Meanwhile, Raymond James analysts said, “We continue to see at least a 50% chance of airstrikes against Iran over the next 9-12 months, and events in the past 3 months reaffirm this view. [Dec. 31] marks the formal deadline for Iran to agree to a compromise on enriching uranium outside the country, but comments from top officials indicate outright rejection of the offer. Whether or not Iran's refusal will lead to UN-backed sanctions may be a moot point, because even meaningful sanctions are unlikely to dissuade the regime from its nuclear ambitions. And Iran's current political situation—with security forces escalating violence against street protests in recent weeks—makes a compromise on the nuclear issue even less likely, because the regime is fearful of appearing weak by making concessions to the West.”
The Energy Information Administration reported Dec. 30 commercial US crude inventories dropped 1.5 million bbl to 326 million bbl in the week ended Dec. 25, less than Wall Street’s consensus of a 1.9 million bbl decline. Gasoline stocks decreased 300,000 bbl to 216 million bbl, in contrast to analysts’ expectations of a 1 million bbl increase. Distillate fuel inventories fell 2 million bbl to 159.3 million bbl, slightly less than the expected 2.2 million bbl loss.
Imports of crude into the US increased 320,000 b/d to 8 million b/d during the same week. Over the 4 weeks through Dec. 25, US imports averaged 7.9 million b/d, down 1.6 million b/d from the comparable 4 -week period in 2008.
Input of crude into US refineries was up 102,000 b/d to 13.9 million b/d last week with units operating at 80.3% of capacity, EIA said. Gasoline production increased to 9 million b/d, and distillate fuel production decreased to 3.7 million b/d.
Using a different basis for calculation, the American Petroleum Institute earlier reported commercial US crude inventories climbed by 1.7 million bbl to 330.5 million bbl in the week ended Dec. 25. It said gasoline stocks dropped 1.4 million bbl to 214.5 million bbl, while distillates fell 3.5 million bbl to 161.6 million bbl. API reported US refining capacity dipped to 78.2%.
In other news, EIA’s latest Form 914 report put domestic natural gas production in the Lower 48 up 1.1 bcfd to 62.9 bcfd in October, with gas prices were nearly $1/Mcf higher than in September. “We believe much of the supply shut in last month (1.5 bcfd) came back online in October. …However, the magnitude of the increase was a bit surprising, and it seemed to catch the market off guard as well (natural gas down 20¢/Mcf yesterday). Since peaking in February, hurricane-adjusted production has averaged a decline of only 200 Mcfd/month. Given the surging rig count, we believe supply will not fall as far or as fast as consensus expects in 2010.”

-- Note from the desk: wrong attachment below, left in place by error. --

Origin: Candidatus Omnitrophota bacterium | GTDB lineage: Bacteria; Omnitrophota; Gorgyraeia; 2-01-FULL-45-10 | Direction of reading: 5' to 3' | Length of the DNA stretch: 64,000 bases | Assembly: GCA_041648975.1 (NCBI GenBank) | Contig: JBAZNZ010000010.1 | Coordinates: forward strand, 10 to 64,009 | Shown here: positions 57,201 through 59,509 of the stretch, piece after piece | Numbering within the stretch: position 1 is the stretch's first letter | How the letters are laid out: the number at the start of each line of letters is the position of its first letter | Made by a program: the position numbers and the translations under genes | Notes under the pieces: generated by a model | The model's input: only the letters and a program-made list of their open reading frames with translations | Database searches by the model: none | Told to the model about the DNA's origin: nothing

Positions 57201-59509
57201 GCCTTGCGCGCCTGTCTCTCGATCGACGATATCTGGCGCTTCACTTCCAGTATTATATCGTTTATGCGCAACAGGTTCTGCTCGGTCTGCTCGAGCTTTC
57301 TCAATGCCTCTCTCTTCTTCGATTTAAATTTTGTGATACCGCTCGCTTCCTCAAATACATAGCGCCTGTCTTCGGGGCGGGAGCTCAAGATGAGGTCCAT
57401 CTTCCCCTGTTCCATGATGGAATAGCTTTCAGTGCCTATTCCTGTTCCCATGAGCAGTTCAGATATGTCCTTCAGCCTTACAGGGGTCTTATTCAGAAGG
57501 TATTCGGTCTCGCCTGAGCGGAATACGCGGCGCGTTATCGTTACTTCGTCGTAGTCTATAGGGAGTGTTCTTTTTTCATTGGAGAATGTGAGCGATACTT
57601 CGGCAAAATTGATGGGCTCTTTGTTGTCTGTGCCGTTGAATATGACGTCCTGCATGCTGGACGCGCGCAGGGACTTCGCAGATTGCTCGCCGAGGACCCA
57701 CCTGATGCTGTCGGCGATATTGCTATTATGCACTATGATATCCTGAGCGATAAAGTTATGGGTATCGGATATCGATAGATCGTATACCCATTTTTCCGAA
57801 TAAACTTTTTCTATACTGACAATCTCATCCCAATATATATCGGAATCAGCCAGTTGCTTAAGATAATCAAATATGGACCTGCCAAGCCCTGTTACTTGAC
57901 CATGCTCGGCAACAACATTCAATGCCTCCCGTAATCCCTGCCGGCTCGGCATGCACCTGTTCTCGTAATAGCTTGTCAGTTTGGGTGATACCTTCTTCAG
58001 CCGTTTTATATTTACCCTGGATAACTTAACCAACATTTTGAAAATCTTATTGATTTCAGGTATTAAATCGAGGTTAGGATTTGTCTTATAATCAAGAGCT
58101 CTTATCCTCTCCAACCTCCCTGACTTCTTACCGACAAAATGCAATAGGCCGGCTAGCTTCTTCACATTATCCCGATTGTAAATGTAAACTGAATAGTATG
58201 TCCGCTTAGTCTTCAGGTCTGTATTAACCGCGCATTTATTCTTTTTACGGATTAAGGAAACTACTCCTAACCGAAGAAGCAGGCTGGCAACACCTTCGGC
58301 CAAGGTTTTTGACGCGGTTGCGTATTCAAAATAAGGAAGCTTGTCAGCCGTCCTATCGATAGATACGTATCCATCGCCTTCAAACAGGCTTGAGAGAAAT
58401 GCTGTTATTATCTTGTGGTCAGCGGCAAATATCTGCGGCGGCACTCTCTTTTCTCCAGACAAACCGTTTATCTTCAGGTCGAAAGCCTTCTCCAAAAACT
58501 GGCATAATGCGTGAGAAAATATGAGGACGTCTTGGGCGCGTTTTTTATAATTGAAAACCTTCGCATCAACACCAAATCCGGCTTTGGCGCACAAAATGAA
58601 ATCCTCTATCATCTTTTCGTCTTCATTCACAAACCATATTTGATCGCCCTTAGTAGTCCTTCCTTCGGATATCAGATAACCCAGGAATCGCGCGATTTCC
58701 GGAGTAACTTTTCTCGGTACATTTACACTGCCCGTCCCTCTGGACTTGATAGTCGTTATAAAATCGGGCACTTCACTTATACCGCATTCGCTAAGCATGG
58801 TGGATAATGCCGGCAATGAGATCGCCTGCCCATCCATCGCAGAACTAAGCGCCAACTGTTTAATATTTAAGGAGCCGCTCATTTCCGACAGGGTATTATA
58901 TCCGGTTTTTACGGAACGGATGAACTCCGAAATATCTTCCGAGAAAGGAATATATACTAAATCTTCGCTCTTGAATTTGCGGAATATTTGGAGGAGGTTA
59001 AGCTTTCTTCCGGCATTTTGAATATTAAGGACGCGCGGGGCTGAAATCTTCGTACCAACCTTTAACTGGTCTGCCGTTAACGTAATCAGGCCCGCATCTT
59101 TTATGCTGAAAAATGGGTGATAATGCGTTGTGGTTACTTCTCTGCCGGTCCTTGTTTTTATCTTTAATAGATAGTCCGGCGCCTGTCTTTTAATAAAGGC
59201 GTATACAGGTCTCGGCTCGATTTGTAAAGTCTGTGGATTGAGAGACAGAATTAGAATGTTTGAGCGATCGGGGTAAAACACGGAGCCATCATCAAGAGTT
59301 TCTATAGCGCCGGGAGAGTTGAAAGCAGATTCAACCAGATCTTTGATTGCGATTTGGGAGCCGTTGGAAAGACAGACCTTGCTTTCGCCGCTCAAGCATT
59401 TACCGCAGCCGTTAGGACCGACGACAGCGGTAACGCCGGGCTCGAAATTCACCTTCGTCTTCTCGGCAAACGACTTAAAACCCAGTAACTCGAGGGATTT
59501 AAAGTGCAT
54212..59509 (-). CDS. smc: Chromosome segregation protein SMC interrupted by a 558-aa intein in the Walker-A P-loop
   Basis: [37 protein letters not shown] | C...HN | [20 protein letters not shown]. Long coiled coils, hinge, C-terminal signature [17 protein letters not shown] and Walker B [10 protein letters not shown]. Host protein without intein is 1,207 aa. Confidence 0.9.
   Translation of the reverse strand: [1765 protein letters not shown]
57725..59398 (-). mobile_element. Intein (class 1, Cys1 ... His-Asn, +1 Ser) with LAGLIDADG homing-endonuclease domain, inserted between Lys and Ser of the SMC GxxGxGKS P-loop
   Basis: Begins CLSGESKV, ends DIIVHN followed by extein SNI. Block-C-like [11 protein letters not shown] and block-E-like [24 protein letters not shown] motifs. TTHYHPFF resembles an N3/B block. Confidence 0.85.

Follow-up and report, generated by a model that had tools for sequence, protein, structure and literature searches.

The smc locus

The February contract for benchmark US sweet, light crudes gained 10¢ to $78.87/bbl Dec. 29 on the New York Mercantile Exchange. The March contract was up 14¢ to $79.59/bbl. The closing US spot market price for WTI at Cushing, Okla., was unavailable, however. Heating oil for January delivery increased 2.93¢ to $2.10/gal on NYMEX. Reformulated blend stock for oxygenate blending (RBOB) for the same month dipped 0.78¢ to $2.01/gal.
The January natural gas contract rose as high as $6.04/MMbtu in intraday trading before closing at $5.81/MMbtu, down 17.6¢ for the day on NYMEX. On the US spot market, however, gas at Henry Hub, La., climbed 11¢ to finish at $5.99/MMbtu.
In London, the February IPE contract for North Sea Brent crude was up 32¢ to $77.64/bbl. Gas oil for January increased $1.75 to $629.50/tonne.
The average price for the Organization of Petroleum Exporting Countries' basket of 12 reference crudes gained $1.36 to $76.19/bbl on Dec. 29. The OPEC Secretariat in Vienna will be closed Dec. 31 and Jan. 1 for the New Year holiday.
Contact Sam Fletcher at firstname.lastname@example.org.